This Day in History – January 7th, 1894

William Kennedy Laurie Dickson, a Scottish inventor, his mother, and two sisters moved from Britain to Virginia in 1879.  In 1888, American inventor and entrepreneur Thomas Edison conceived of a device that would do “for the Eye what the phonograph does for the Ear”. In October, Edison filed a preliminary claim, known as a caveat, with the […]

Last Call for Symposium Sessions & Panels

The official deadline WAS December 31st, 2014 . . . but we were so busy promoting the fact that the badge prices went up that we forgot to make a big deal out of this deadline . . . thus you have another 24 hours to submit your ideas for panels, workshops, and presentations for the […]

Top Three Steampunk TV Shows

Yesterday we ran an article arguing that Warehouse 13 was the most steampunk TV ever . . . and of course there were many who responded with shows that they thought were even more steampunk . . . so we put a poll to our Facebook regulars to nominate and vote for their favorite steampunk TV show, […]

This Day in History – January 6th, 1838

Alfred Lewis Vail was an American machinist and inventor. Vail was central, with Samuel F. B. Morse, in developing and commercializing the telegraph between 1837 and 1844, and it was Vail who on January 6th, 1838 demonstrated a telegraph system using dots and dashes prior Morse’s famous code. Vail and Morse were the first two telegraph operators […]

The January Salon Report

On Saturday, January 3rd, 2015, many ladies and chaps ventured to just across the river from Cincinnati to attend the first Cincinnati Steampunk Salon of the year at Molly Malone’s. At first the Salon was a bit sparse and we feared that many were still tired from wild New Year’s Eve parties, but about an hour […]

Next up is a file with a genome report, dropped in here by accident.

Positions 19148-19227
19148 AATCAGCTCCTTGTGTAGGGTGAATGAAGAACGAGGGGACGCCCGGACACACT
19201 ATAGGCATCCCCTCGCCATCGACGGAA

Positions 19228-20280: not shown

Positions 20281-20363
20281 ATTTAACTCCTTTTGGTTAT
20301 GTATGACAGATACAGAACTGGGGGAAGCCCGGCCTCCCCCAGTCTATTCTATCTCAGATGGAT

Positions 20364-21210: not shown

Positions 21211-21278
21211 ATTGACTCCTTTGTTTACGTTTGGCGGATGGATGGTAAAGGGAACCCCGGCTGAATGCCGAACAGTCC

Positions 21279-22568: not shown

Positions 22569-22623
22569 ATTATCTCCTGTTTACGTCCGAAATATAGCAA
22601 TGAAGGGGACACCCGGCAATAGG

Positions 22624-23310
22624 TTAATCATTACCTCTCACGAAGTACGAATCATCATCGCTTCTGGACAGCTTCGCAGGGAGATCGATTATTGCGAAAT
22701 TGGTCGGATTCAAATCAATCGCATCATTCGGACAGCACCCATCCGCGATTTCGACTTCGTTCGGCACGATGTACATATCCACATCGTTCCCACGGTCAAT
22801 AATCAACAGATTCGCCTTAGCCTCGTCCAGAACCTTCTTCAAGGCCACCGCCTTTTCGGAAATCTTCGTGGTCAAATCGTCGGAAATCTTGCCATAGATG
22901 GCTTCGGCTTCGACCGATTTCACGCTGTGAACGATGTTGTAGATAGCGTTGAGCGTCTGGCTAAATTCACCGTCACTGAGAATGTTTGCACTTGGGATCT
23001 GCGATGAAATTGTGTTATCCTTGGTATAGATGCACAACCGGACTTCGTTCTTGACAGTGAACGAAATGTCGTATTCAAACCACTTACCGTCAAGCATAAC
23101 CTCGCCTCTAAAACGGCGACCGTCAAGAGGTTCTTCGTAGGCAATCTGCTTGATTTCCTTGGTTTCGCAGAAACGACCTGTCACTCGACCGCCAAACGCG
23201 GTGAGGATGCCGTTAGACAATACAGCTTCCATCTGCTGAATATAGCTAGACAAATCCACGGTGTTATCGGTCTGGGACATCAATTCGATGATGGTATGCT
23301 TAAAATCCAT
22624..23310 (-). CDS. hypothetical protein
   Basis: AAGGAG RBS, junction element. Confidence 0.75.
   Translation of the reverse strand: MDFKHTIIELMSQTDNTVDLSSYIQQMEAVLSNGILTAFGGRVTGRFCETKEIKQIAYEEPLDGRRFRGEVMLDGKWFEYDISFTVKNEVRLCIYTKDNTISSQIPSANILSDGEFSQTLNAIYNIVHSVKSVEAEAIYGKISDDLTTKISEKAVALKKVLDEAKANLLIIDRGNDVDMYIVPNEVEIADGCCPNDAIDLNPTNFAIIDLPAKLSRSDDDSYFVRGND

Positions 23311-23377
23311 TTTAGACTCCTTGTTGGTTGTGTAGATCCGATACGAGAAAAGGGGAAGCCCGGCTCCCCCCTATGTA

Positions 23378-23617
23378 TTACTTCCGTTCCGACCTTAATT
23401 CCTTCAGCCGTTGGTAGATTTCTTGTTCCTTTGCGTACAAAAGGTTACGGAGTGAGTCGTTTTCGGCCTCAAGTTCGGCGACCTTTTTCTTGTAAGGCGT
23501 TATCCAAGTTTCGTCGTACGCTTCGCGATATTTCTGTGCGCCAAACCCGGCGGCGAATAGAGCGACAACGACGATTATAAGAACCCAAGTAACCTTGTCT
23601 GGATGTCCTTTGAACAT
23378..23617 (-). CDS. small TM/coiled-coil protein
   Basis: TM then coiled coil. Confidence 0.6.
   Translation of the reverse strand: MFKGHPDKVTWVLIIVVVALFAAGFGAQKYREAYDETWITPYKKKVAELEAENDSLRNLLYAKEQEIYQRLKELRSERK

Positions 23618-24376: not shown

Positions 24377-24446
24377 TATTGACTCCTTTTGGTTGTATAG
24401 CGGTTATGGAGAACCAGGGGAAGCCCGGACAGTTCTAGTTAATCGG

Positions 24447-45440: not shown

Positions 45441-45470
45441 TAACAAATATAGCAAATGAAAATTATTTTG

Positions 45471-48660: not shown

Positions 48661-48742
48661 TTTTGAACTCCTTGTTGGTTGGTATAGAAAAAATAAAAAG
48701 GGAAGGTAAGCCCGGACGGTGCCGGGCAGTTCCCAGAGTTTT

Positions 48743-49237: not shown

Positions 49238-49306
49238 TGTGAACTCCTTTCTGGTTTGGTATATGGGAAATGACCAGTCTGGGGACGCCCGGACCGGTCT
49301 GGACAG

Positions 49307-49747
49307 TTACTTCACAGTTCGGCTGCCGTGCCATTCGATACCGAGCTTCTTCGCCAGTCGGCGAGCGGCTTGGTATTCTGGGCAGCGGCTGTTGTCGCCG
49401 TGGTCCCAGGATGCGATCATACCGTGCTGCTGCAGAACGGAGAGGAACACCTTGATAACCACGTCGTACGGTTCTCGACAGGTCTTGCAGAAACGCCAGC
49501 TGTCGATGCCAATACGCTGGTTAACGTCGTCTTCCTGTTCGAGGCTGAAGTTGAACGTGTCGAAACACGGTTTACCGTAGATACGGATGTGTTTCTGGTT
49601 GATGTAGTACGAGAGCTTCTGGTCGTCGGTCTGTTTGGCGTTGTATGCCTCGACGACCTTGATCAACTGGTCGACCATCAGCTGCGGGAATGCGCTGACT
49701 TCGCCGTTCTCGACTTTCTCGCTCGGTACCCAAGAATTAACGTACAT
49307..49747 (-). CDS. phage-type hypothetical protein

7 Reasons Why “Warehouse 13” is the Most Steampunk Show on Earth

At first look you don’t expect Warehouse 13 to make it to the list of steampunk TV shows, let alone steal the #1 slot. The cover picture features a barn, and you get that it’s a vaguely parnormal spy show about some secret branch of the government, but until you get really invested you might […]

This Day in History – January 5th, 1933

Construction of the Golden Gate Bridge began on January 5th, 1933. The project cost more than $35 million, completing ahead of schedule and under budget. The Golden Gate Bridge construction project was carried out by the McClintic-Marshall Construction Co., a subsidiary of Bethlehem Steel Corporation founded by Howard H. McClintic and Charles D. Marshall, both of Lehigh University. The […]

Sunday Summary – January 4th, 2015

So what did you miss this week? Monday, December 29th, Britain launched its first ironclad ship, HMS Warrior, we looked at the forgotten BBC sci-fi show Outcasts, and added The Spectra Nova to the list of International Steampunk Symposium vendors.   Tuesday, December 30th, the Zulus were defeated by the British Empire, Battlestar Gallatica‘s Richard Hatch ventures into Steampunk, and we interviewed Symposium guest of […]

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